A film adaptation of Stephen King’s wildly successful Dark Tower novels has been rumoured for over a decade. In 2007, J.J. Abrams was attached to direct the film but dropped out in December 2009.
Then, in 2010, veteran director Ron Howard was to head the project, but that fell through in 2015. Finally, by June 2015 the film entered full-steam ahead production with Danish filmmaker Nikolaj Arcel at the helm.
So, 10 years on from the first murmurings of a Dark Tower film were discovered, what is the finished product like? And does it capture the wonder of that eight-novel behemoth by King?
Roland Deschain (Idris Elba), the last Gunslinger, is locked in an eternal battle with Walter O’Dim (Matthew McConaughey), also known as the Man in Black. The Gunslinger must prevent the Man in Black from toppling the Dark Tower, the key that holds the universe together. With the fate of worlds at stake, two men collide in the ultimate battle between good and evil.
Unfortunately, this troubled production has resulted in a film that’s biggest sin is its averageness. There’s not a single thing about The Dark Tower that stands out as unique, even with charismatic stars like Matthew McCounaughey and Idris Elba at the helm.
The two of them perform well with the overtly expositional dialogue and Elba just reeks of charisma, despite the dross he unfortunately has to spout from time to time. Newcomer Tom Taylor is fine, but it pains me to say it, just a little bit bland.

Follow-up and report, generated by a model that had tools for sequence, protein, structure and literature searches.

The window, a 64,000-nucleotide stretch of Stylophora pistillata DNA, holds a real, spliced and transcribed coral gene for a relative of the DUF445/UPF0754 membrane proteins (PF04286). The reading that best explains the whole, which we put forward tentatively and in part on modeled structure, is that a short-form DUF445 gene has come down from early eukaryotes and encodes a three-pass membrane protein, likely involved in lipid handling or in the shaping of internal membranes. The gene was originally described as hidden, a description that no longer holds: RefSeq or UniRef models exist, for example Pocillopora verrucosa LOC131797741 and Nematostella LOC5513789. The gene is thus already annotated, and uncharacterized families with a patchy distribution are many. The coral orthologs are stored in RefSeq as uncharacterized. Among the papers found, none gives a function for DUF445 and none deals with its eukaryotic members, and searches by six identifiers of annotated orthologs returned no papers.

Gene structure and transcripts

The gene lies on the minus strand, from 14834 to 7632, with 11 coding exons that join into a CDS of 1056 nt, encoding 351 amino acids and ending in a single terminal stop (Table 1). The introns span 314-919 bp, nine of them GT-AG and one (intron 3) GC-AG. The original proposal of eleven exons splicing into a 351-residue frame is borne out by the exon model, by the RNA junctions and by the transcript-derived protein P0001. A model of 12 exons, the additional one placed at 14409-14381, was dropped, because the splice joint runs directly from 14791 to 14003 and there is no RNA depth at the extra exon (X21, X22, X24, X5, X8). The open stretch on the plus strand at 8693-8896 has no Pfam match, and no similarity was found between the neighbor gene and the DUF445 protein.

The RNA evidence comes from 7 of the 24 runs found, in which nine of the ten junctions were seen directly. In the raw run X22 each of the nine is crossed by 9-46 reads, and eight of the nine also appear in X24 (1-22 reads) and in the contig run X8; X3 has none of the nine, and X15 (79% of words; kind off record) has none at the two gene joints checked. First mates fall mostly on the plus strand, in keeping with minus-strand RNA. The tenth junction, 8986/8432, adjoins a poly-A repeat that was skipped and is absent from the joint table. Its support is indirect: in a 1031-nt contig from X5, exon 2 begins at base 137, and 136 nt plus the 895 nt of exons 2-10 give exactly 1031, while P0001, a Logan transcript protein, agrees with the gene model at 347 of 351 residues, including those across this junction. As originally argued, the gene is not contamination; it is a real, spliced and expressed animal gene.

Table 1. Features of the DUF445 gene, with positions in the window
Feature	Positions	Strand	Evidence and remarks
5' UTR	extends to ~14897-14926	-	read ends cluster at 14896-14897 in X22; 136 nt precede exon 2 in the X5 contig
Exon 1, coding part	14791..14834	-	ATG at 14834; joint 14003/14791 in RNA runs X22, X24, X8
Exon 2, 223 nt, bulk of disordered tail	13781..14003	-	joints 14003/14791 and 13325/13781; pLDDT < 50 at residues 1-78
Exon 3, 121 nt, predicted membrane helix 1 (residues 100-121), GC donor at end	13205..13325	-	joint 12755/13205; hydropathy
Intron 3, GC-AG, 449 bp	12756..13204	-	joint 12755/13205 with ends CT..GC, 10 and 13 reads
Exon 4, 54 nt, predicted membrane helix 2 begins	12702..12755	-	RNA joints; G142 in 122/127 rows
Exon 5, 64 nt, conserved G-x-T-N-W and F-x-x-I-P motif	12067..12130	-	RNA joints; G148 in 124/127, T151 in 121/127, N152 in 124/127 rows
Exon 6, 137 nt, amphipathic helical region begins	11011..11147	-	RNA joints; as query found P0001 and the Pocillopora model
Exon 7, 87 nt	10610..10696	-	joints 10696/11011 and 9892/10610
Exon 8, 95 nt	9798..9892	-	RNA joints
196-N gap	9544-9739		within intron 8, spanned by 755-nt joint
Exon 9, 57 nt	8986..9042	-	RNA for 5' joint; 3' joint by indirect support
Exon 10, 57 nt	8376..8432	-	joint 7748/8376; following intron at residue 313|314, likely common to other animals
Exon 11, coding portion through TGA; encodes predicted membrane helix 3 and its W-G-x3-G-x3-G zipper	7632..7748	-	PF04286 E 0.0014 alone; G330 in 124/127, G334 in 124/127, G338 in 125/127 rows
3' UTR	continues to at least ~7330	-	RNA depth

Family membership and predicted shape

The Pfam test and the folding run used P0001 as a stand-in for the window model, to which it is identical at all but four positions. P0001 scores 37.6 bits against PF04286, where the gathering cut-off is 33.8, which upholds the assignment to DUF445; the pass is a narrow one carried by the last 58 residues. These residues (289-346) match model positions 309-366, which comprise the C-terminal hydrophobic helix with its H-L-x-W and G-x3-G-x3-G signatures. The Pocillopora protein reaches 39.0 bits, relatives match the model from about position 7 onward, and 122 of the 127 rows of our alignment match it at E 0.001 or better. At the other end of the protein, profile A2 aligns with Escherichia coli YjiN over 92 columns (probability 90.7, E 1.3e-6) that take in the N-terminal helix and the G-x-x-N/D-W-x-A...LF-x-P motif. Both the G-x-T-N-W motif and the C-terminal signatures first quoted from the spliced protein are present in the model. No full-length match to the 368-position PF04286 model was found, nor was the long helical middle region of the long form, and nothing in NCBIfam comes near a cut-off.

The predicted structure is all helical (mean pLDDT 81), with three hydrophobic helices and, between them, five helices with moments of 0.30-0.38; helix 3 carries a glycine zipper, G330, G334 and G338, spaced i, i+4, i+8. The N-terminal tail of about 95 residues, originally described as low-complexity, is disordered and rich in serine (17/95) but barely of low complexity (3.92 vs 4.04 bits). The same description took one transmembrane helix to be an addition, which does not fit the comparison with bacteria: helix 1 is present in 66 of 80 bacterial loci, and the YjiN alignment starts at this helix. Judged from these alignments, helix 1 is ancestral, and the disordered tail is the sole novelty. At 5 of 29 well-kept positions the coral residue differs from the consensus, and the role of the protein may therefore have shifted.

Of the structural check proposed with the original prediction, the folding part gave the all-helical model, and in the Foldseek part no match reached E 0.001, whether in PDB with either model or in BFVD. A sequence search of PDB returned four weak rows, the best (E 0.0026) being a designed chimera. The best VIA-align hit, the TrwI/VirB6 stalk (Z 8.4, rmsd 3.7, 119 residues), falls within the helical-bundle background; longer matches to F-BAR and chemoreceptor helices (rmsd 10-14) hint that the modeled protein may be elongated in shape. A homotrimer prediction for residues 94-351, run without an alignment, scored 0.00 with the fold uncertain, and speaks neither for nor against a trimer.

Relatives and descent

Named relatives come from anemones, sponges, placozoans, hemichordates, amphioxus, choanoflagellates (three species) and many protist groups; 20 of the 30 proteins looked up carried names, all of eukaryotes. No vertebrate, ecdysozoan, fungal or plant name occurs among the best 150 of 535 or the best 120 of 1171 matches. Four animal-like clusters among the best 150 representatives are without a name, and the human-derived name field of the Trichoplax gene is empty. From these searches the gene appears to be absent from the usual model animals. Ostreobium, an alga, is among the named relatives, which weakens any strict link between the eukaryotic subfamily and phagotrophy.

The plot is nigh on impossible to understand for those who haven’t read King’s books with a story that never fully explains what the titular tower even does. How on earth can a film enter production without a script that fully describes such a vital plot point? It’d be like Mad Max: Fury Road never actually featuring Max, just referencing him occasionally.
Elsewhere, Tom Holkenborg’s score is bland, the special effects just about as average as you can get and the cinematography uninspiring. This is such a shame, because moments of excellence shine through from time-to-time.
The action is choreographed to a good standard and the sequences in which Elba and Taylor visit Earth are an enjoyable fish-out-of-water style distraction from an otherwise disappointing script. Think Thor on Earth but in NYC rather than New Mexico.
Ultimately though, films like this get me a little angry and I feel frustrated just writing this review. With eight books in which to take nuggets of story from, the film just kind of plods along for 95 minutes. I’m not normally one for suggesting a movie be longer, but The Dark Tower really did need an extra 30 minutes at least to flesh out the characters and plot.
Overall, despite two commanding performances from its lead stars, The Dark Tower is a royal mess. In a year that has featured numerous disappointing sequels, Paramount could’ve kicked things up a gear with something completely new. In the end, we’re left with a film as bland and average as you can possibly get. What a shame.
Let’s just hope that It is the King adaptation we’ve been waiting for.